Games That Brought People Closer And Enhanced Relationship

People entertained themselves with games like ‘Adupuliattam’, ‘Paramapadham’ etc., those days. Many of these games involved a bit of physical activity and time. While attention was important, the games did not make people hyper. Fellowship was part of the deal. I remember my older relatives playing ‘Pallankuzhi’ with tamarind seeds or cowrie shells at home. My mother’s paternal grandmother Swarnambal used to play Pallankuzhi with effortless ease. The game of dice was much loved. Every household had a set with them. Carrom Board, chess, card games, Chinese checkers etc., came in later. Playing with the top was an interesting process. The rope and the top were important assets for the youngsters. A ‘top’ owner was always sought. The finesse with which they played with the top was amazing. The top used to spin around fast and people used to lift it with their hand and place it on another location too. We should have a top skill championship for it will surely promote dexterity. A thread process with both the hands was a great novelty.
Vaikunta Ekadasi was the time when people stayed up over night. They used to play the game ‘Snakes and Ladders’ which is known as ‘Paramapadham’ in Tamil. The Vaishnavaite population used to be with the game in order to stay up overnight. Of course the game was loved by everyone in the society. ‘Adupuliattam’ involved the goat and the tiger. It was a very Indian game for both, the tiger and the goat are part of India for a long time. The game owes itself to our country.
People played ‘Hide and Seek’ which was known as ‘Kannamoochi’ in Tamil. Kids used to play the game during their holidays. The big joint family residences were the places for playing the game. A number of people got introduced to games from other countries too. Some of the ladies used to play ‘Mahjong’. Its a game of skill, strategy, calculation and involves a degree of chance. The game used to be played with tiles based on Chinese characters. A set of ladies from leading families used to play Mahjong regularly in Coimbatore.
‘Trade’ and ‘Monopoly’ were games played with artificial money. Both had the names of locations connected with metropolitan cities. I used to play Monopoly with my friends Junaid, Manoj, Veerashivakumar, Ganesh, Anand Prasad, Rajesh and Santossh during my school and college days. It used to go on for hours together. We played ‘Scrabble’ too and it used to help us improve our vocabulary. My GRG School classmate Sumeet Roy was good with the cross word. Many were good with ‘The Hindu’ Crossword those days. Prema Dhamodharan of the DPF family has always been an avid ‘Crossword’ expert.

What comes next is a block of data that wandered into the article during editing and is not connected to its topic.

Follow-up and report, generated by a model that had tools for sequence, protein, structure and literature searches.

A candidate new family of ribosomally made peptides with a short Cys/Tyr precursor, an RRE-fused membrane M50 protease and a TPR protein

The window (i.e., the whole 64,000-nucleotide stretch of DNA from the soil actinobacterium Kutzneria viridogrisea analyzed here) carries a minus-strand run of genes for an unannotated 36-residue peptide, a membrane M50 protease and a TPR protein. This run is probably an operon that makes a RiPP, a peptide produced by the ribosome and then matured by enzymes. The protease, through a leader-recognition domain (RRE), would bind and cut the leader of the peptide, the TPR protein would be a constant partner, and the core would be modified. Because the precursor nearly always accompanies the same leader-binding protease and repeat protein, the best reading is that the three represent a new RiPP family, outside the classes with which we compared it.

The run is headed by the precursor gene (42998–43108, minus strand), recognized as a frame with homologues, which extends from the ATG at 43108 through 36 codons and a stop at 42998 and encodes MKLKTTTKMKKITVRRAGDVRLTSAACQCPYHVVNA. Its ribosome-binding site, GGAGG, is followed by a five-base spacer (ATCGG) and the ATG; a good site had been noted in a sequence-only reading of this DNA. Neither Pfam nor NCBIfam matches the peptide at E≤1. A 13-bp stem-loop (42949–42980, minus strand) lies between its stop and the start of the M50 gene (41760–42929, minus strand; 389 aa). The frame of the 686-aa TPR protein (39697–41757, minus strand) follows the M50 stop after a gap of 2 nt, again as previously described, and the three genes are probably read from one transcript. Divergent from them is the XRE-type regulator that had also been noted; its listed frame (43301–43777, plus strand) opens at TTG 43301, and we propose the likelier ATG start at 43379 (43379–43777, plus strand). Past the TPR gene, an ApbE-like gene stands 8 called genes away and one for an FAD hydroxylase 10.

‘Reversi’ or ‘Flipit’ was another game that we played. My aunt Nirmala and uncle Seetharama Guptha had got it from Madras for us and very quickly all of us became experts in it. I remember the members of my maternal family playing carrom and particularly my mother’s uncle K.C.Rajagopal. He used to knock of the coins in rapid succession. Oh, the other popular game was ‘Roman Dominos’. Small tablets were used I remember playing it for a long time. Our family had a number of these games made in silver and it was given to the newly married couple as a gift. These games were meant to defreeze and create an intimacy between the newly married husband and wife. My paternal grand mother Lalitha and grand aunt Indrani had a few games between them.
I am sure people will remember the ice cream parlour Ice – O – Cone founded by Padma Ranganathan of Race Course. It was located on Arts College Road and perhaps the first video game in Coimbatore ‘Space Invaders’ used to be placed there. I remember playing it in the residence of G.D.Naidu too. Missing Link on D.B Road in R.S.Puram was the place for video games. We used to rush there and wait for our turn.
Black coloured one Rupee coins would be given to us and it had been a money spinner for sometime. Prestige Corner on Avinashi Road in the LIC Buildings was known for its video game parlour. It was a venture of the Rajendra Textiles family. A nice multi cuisine restaurant used to serve tasty soups and hot fried rice.
My aunt Nirmala and uncle Seetharama Guptha used to visit Madras often. Daddy was also a frequent visitor. They used to get us small video games from Kasi Chetty Street and Burma Bazaar. I distinctly remember the game ‘Parachute’. My brother Suresh and myself used to smuggle it to school and play with our friends. Dad got us ‘one’ video game wrist watch and we had to shoot the target with the aid of buttons. It involved a bit of dexterity. Both of us used to fight for the watch and therefore mummy made us take turns with it. I remember Ganesh and Santossh excelling with the game. I was quite average with it. Shops like ‘Toyland’ and ‘Fairdeal’ used to sell kits with 10 games in one package.
Most of the games were played in the company of people. Games improved relationships, skills and people chilled out with each other. I could foresee the loneliness which came in with the advent of video games.
Today on line games are a craze with everyone. Shrujan is an NGO founded by a family of industrialists. It has used craft to add interest in traditional games. The Crafts Council of Tamilnadu has several events which promote crafts and Shrujan has been part of its programmes.
The games played by people have really been enriching. Its time that we got back to the old games which promoted crafts, culture, fellowship and most importantly wisdom.
—Rajesh Govindarajulu

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